THE KEY to understanding measurement is understanding the nature of the variation in data caused by random error. Suppose we offer a number of wines to fifteen critics or we offer the wines to one critic repeatedly on different days or we do both. We can neatly summarize the opinions employing the average, or mean, of the ratings. But it is not just the mean that matters: if all fifteen critics agree that the wine is a 90, that sends one message; if the critics produce the ratings 80, 81, 82, 87, 89, 89, 90, 90, 90, 91, 91, 94, 97, 99, and 100, that sends another. Both sets of data have the same mean, but they differ in the amount they vary from that mean. Since the manner in which data points are distributed is such an important piece of information, mathematicians created a numerical measure of variation to describe it. That number is called the sample standard deviation. Mathematicians also measure the variation by its square, which is called the sample variance.
The sample standard deviation characterizes how close to the mean a set of data clusters or, in practical terms, the uncertainty of the data. When it is low, the data fall near the mean. For the data in which all wine critics rated the wine 90, for example, the sample standard deviation is 0, telling you that all the data are identical to the mean. When the sample standard deviation is high, however, the data are not clustered around the mean. For the set of wine ratings above that ranges from 80 to 100, the sample standard deviation is 6, meaning that as a rule of thumb most of the ratings fall within 6 points of the mean. In that case all you can really say about the wine is that it is probably somewhere between an 84 and a 96.
In judging the meaning of their measurements, scientists in the eighteenth and nineteenth centuries faced the same issues as the skeptical oenophile. For if a group of researchers makes a series of observations, the results will almost always differ. One astronomer might suffer adverse atmospheric conditions; another might be jostled by a breeze; a third might have just returned from a Madeira tasting with William James. In 1838 the mathematician and astronomer F. W. Bessel categorized eleven classes of random errors that occur in every telescopic observation. Even if a single astronomer makes repeated measurements, variables such as unreliable eyesight or the effect of temperature on the apparatus will cause the observations to vary. And so astronomers must understand how, given a series of discrepant measurements, they can determine a body’s true position. But just because oenophiles and scientists share a problem, it doesn’t mean they can share its solution. Can we identify general characteristics of random error, or does the character of random error depend on the context?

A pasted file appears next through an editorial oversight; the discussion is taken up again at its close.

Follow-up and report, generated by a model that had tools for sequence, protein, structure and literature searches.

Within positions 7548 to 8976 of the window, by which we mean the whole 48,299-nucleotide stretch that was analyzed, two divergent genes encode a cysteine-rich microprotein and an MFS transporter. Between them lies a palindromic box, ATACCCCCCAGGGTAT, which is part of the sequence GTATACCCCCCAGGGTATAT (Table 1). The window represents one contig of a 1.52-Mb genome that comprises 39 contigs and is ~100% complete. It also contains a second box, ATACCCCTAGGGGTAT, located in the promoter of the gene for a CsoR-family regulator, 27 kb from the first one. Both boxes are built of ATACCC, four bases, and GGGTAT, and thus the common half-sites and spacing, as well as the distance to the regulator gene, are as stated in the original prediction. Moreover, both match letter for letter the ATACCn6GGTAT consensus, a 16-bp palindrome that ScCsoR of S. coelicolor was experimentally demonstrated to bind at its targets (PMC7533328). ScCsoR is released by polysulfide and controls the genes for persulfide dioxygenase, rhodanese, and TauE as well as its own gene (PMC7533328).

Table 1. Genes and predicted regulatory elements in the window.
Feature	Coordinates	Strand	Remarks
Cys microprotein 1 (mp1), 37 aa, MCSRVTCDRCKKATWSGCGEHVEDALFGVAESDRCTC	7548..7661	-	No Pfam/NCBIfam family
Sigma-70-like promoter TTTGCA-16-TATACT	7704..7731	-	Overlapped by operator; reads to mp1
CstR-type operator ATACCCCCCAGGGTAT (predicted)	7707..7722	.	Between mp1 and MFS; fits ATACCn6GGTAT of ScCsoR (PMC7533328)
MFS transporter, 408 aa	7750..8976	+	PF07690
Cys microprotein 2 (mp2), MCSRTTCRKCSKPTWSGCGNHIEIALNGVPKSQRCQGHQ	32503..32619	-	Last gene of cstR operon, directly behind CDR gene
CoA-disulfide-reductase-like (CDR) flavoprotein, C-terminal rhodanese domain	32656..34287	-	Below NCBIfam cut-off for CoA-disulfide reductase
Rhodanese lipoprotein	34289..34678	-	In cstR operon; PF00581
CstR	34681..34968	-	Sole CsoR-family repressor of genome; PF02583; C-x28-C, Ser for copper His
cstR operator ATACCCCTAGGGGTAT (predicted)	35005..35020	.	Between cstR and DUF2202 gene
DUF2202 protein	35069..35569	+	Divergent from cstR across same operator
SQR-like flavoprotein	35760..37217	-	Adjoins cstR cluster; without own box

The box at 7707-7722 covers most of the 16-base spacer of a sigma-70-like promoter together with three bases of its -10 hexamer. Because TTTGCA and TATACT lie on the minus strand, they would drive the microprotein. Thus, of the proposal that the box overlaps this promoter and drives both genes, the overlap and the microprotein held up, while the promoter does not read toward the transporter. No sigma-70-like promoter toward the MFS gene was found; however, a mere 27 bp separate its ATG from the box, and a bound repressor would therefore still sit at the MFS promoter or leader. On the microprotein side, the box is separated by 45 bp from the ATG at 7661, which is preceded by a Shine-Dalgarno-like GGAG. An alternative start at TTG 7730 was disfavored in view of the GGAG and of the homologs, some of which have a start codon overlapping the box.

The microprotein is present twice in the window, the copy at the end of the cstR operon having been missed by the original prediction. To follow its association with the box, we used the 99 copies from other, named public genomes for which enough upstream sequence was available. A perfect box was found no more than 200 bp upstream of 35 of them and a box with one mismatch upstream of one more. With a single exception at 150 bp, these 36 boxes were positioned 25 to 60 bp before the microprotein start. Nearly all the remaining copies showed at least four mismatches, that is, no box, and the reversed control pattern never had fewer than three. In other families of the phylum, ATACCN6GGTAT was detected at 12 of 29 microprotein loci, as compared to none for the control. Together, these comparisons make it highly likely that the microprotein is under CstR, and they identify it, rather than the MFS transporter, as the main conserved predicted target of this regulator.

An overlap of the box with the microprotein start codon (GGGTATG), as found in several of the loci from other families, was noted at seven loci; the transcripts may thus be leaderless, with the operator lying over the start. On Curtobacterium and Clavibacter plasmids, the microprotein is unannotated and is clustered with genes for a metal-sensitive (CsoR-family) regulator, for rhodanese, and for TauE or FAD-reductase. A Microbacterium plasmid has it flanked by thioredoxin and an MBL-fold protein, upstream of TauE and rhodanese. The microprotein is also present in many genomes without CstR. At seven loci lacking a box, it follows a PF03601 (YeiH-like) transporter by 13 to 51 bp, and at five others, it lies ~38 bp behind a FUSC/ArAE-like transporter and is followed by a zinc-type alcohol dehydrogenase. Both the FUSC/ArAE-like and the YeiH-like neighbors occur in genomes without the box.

One of the first to imply that diverse sets of measurements share common characteristics was Jakob Bernoulli’s nephew Daniel. In 1777 he likened the random errors in astronomical observation to the deviations in the flight of an archer’s arrows. In both cases, he reasoned, the target—true value of the measured quantity, or the bull’s-eye—should lie somewhere near the center, and the observed results should be bunched around it, with more reaching the inner bands and fewer falling farther from the mark. The law he proposed to describe the distribution did not prove to be the correct one, but what is important is the insight that the distribution of an archer’s errors might mirror the distribution of errors in astronomical observations.
That the distribution of errors follows some universal law, sometimes called the error law, is the central precept on which the theory of measurement is based. Its magical implication is that, given that certain very common conditions are satisfied, any determination of a true value based on measured values can be solved employing a single mathematical analysis. When such a universal law is employed, the problem of determining the true position of a heavenly body based on a set of astronomers’ measurements is equivalent to that of determining the position of a bull’s-eye given only the arrow holes or a wine’s “quality” given a series of ratings. That is the reason mathematical statistics is a coherent subject rather than merely a bag of tricks: whether your repeated measurements are aimed at determining the position of Jupiter at 4 A.M. on Christmas Day or the weight of a loaf of raisin bread coming off an assembly line, the distribution of errors is the same.